buddasbrainHanson, R. (2009). Buddha’s Brain: The practical neuroscience of happiness, love, and wisdom.
Reviewed by: Anny Reyes, New York University

Neuroscience is being widely used to explain concepts and ideas that were once separated from science, such as religion, spirituality, and contemplative practices. Experts in these fields are utilizing basic neuroscience such as neuroanatomy, neurophysiology, and evolutionary biology to explain concepts and applications to their areas of expertise. Understanding our mind, how it functions, and how we can gain control over it has been one of the world’s most preeminent challenges. Some of the greatest philosophers, Descartes, Aristotle, and Locke, dedicated their lives to understanding the mystery of the mind and its relationship with the 3-pound organ that controls every mechanism in our body, the brain.

In the introduction Hanson outlines the format of the book, its purpose, and how it could be put into practice. He explains how neuroscience research supports the idea that you could use your mind to change your brain and ultimately change your life. The book is then divided into four parts: the causes of suffering, happiness, love, and wisdom, which are the central themes of Hanson’s Buddhist beliefs and framework. The first part of the book provides a comprehensive background on basic brain anatomy, brain mechanisms, and how our brains give rise to emotions. Hanson also provides evolutionary explanations for emotions and our reactions to everyday situations and to life’s more traumatic experiences. The research was relevant and the explanations as to the causes of suffering were very straightforward.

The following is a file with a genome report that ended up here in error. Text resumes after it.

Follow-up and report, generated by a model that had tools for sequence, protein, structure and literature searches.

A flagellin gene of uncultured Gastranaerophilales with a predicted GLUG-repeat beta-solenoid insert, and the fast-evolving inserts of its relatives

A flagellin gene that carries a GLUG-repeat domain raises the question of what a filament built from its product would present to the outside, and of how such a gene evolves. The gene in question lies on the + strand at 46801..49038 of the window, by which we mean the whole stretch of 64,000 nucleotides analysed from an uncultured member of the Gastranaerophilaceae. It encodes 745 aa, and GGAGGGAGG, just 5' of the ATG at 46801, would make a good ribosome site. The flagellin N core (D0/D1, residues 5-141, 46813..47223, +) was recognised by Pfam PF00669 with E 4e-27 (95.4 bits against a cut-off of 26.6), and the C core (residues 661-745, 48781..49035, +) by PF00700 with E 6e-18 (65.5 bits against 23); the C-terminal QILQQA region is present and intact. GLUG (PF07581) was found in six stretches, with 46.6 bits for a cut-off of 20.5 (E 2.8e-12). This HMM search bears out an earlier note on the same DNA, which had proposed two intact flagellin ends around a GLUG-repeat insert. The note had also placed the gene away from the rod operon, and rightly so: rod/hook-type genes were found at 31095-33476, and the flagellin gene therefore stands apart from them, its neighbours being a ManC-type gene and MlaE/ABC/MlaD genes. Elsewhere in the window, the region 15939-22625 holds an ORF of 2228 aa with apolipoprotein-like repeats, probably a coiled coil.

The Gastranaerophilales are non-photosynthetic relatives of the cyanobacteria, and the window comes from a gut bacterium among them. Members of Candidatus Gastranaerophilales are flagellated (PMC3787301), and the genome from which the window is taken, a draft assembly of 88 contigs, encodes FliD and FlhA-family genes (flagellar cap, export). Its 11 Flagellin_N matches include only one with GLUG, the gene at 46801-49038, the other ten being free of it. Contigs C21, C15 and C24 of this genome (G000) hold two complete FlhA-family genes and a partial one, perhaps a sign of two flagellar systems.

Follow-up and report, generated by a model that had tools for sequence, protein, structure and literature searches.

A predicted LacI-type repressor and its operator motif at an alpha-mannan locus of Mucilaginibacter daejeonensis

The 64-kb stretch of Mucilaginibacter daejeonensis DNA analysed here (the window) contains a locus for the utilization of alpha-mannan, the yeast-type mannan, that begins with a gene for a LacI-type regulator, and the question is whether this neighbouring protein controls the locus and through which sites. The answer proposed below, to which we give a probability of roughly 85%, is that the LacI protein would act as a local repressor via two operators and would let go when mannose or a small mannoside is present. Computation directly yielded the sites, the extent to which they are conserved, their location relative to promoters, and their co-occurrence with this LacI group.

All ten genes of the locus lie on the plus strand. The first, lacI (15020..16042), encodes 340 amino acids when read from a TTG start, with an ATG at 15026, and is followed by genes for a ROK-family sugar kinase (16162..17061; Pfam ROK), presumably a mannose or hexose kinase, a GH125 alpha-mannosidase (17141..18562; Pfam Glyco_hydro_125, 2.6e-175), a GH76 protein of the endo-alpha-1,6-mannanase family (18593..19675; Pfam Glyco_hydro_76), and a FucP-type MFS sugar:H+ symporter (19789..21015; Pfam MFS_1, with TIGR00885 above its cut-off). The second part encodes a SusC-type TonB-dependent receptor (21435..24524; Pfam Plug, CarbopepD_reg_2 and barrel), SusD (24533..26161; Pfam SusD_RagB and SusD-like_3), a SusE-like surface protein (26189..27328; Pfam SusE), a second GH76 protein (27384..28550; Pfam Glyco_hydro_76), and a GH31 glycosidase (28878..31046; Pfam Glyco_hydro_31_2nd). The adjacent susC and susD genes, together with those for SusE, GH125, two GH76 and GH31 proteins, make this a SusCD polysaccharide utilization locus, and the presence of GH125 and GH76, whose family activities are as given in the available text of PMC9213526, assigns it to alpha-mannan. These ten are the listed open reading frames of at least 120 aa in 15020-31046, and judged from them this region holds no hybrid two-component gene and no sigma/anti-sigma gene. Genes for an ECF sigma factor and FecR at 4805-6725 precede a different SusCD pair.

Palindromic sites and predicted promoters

However, the later chapters follow a less evidence-based framework. This is an area where experts in a field outside neuroscience must be cautious not to make conclusions based on assumptions or personal opinions. Neuroscience follows an empirical framework and anything that’s not scientifically proven is not taken at face value, therefore when using neuroscience research to explain certain concepts, only evidence-based explanations should be provided. Overall the book is moderately well researched, some chapters more than others. Despite the lack of relevant research in certain parts of the book, Hanson provides a great overview of the different concepts and practices related to the three themes of the book, happiness, love, and wisdom.

Hanson, R. (2009). Buddha’s Brain: The practical neuroscience of happiness, love, and wisdom. ISBN: 978-1-57224-695-9.
Paperback. 251 pages.
Contains references, forward, and preface.

Comments are closed.